for driving evolution. In isolated lakes,

fish prey have a profound impact on their

larger fish predators.



Ice in Action: Sea Ice

and Climate Change

Arctic sea ice is known to predict climate

change effects around the globe. A new

mathematical model makes sense of the







The Significance of Swine in Society

Textbook Explores Real World Math

Development and Bridges to Peace

HIV: Last Barrier to a Cure


Electrical Engineering

Portobello Mushrooms Power Batteries


Foresting from

20 the Ground Up

Private woodland owners in

Connecticut have found their

niche in modern forestry.

Environmental programs like

the Quiet Corner Initiative

offer resources and support,

but ultimately, it is up to

the individual landowner to

conserve and preserve the









Modeling Nanocrystals for Real World Use


Self-propelled Particles Halt Hemorrhage


You Have a Microbial Cloud!


Bugs and Bees: How Viruses Bridged the Gap

Materials Science

Magnetic Materials and Faster Computers

Debunking Science

The Martian

To Rebuild a Lung,

23 First Strip it Down


Science or Science Fiction?

Making Virtual Reality a Reality

Researchers are fine-tuning a

method of decellularizing pig

lungs to obtain an intact lung

scaffold. This scaffold could then

be populated by human stem cells.

The final product: a custom-made

lung, the dream for many who

wait on a long list for a viable lung






Undergraduate Profile:

Samantha Lichtin ES ‘16

Alumni Profile:

Richard Lethin YC ‘85

Science in the Spotlight

“The Infinite Monkey Cage”

“Science Vs”

More articles available online at www.yalescientific.org


December 2015

Yale Scientific Magazine







Science can be intimidating. It is fast-paced and unyielding. We are only

human. It’s natural to feel vulnerable to science when it takes the form of

a massive hurricane or appears as a microscopic virus hiding in your cells,

plotting to strike (pg. 11). But science can also give us agency, putting us back

in charge of our health and our planet. Our cover story for this issue of the Yale

Scientific (pg. 17) explores how developments in brain imaging technology

are allowing people to watch their minds at work. No longer are fMRI scans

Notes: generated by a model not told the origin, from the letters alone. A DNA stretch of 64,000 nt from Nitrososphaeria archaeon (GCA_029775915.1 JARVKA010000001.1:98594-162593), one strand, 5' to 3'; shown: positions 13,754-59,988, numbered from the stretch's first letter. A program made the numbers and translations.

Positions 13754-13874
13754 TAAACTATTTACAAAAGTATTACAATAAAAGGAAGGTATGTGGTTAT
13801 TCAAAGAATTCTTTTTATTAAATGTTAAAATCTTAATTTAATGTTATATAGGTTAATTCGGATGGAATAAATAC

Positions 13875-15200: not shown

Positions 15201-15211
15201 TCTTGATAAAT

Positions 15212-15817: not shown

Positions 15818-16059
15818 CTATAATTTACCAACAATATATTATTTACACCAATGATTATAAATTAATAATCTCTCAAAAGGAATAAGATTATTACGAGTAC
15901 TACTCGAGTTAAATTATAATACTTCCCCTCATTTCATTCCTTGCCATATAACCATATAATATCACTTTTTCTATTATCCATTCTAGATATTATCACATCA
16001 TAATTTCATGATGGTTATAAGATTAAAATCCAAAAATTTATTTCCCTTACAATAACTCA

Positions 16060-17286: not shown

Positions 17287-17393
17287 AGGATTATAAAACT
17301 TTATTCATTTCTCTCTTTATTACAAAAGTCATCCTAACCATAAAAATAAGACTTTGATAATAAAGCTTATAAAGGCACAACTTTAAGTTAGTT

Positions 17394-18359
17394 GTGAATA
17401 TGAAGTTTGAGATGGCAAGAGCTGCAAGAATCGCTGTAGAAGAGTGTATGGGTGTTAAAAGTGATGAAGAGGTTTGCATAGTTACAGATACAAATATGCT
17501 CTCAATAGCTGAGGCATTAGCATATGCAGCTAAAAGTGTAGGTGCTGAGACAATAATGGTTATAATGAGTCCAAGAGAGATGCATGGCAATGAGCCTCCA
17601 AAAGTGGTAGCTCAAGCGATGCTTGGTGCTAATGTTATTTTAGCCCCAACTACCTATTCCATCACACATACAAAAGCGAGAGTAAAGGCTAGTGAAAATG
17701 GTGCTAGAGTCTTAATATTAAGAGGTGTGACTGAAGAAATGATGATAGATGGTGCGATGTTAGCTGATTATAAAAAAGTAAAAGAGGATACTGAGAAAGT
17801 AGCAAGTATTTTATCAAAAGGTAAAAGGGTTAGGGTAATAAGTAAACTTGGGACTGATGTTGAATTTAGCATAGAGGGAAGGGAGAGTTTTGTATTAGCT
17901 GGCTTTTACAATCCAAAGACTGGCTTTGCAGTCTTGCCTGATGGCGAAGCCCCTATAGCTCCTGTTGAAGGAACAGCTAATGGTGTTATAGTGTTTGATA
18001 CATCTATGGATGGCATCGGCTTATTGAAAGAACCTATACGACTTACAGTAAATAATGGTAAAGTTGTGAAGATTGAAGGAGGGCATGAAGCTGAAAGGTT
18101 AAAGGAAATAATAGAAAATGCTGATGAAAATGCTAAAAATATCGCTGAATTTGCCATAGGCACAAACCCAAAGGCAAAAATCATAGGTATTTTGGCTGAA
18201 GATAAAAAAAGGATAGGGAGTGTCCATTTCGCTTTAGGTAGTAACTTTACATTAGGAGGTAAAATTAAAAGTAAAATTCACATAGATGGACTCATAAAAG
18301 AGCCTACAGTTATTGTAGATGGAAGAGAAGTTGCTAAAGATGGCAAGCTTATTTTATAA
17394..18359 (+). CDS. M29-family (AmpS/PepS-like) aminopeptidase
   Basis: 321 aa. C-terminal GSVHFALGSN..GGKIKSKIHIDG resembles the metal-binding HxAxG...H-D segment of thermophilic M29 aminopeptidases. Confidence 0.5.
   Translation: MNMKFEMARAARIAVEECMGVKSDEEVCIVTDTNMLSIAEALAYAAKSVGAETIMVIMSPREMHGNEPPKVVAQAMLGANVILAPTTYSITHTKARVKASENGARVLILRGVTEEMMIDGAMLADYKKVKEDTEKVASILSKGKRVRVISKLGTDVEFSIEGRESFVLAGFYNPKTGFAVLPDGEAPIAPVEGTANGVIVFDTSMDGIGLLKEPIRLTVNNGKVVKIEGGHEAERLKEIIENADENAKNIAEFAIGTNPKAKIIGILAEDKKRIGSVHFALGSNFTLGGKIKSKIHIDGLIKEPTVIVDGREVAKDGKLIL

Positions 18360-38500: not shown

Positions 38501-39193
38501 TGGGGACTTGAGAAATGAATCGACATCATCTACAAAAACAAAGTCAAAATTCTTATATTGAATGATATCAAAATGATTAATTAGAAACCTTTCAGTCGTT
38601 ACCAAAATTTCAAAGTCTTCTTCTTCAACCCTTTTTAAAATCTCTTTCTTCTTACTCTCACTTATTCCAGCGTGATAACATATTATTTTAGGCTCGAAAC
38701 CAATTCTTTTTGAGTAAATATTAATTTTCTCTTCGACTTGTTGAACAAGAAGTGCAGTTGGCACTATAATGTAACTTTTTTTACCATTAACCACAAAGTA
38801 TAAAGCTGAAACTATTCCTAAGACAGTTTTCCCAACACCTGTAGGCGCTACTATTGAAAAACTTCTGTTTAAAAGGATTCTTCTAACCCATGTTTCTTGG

only interpretable by doctors — with real time fMRI, OCD patients see their

own brains in action and can learn to regulate their own brain activity. With

science on their side, they regain control of neural networks that have been

hijacked by anxiety.

This is one of many stories you’ll read here that features people taking science

into their own hands. When two professors were unsatisfied by available

math textbooks, they published their own (pg. 9). Forest preservation in

Connecticut largely depends on individual woodland owners caring for their

property (pg. 20). Doctors are realizing the power of personalized medicine,

devising treatment strategies catered to the individual. In one step of this

movement, researchers in tissue engineering are working towards customized

lung transplants (pg. 23).

A couple years ago, this magazine released an issue themed “Science

and the Individual.” Remarkably, in less than 24 months time, we notice

tremendous progress in personalized medicine, citizen science, grassroots

campaigns for conservation and sustainability, and other scientific arenas

where individuals stand at the forefront. As science accelerates, we also see

new efforts to communicate it, to keep up. The pages that follow include the

Yale Scientific’s first ever reviews of science podcasts (pg. 38) and a debunking

of The Martian (pg. 34), a fictional film that still makes an effort to present

nuanced scientific insight.

Indeed, one of our goals as a publication is to adapt to the changing scene of

science and science journalism. To this end, in the past year we’ve established

a stronger online presence, launching a redesigned website, more social

media content, and a prolific science blog. Vol. 89, Issue No. 1 is the last

that we’ll publish as the 2015 masthead. We wish the best of luck to the new

editors of the magazine. We can’t wait to see what further change brings.

Yale Scientific

Established in 1894


DECEMBER 2015 VOL. 89 NO. 1




Live brain imaging helps patients

attack anxiety at the source


Payal Marathe


The cover, designed by arts editor Christina Zhang,

depicts how neurofeedback therapy can help patients

with OCD regulate their anxieties. In the foreground

is a rendering of a patient undergoing an fMRI

scan. The vividly illuminated regions of the brain

represent the real time fMRI signals that researchers

are using to correlate brain activity with strategies to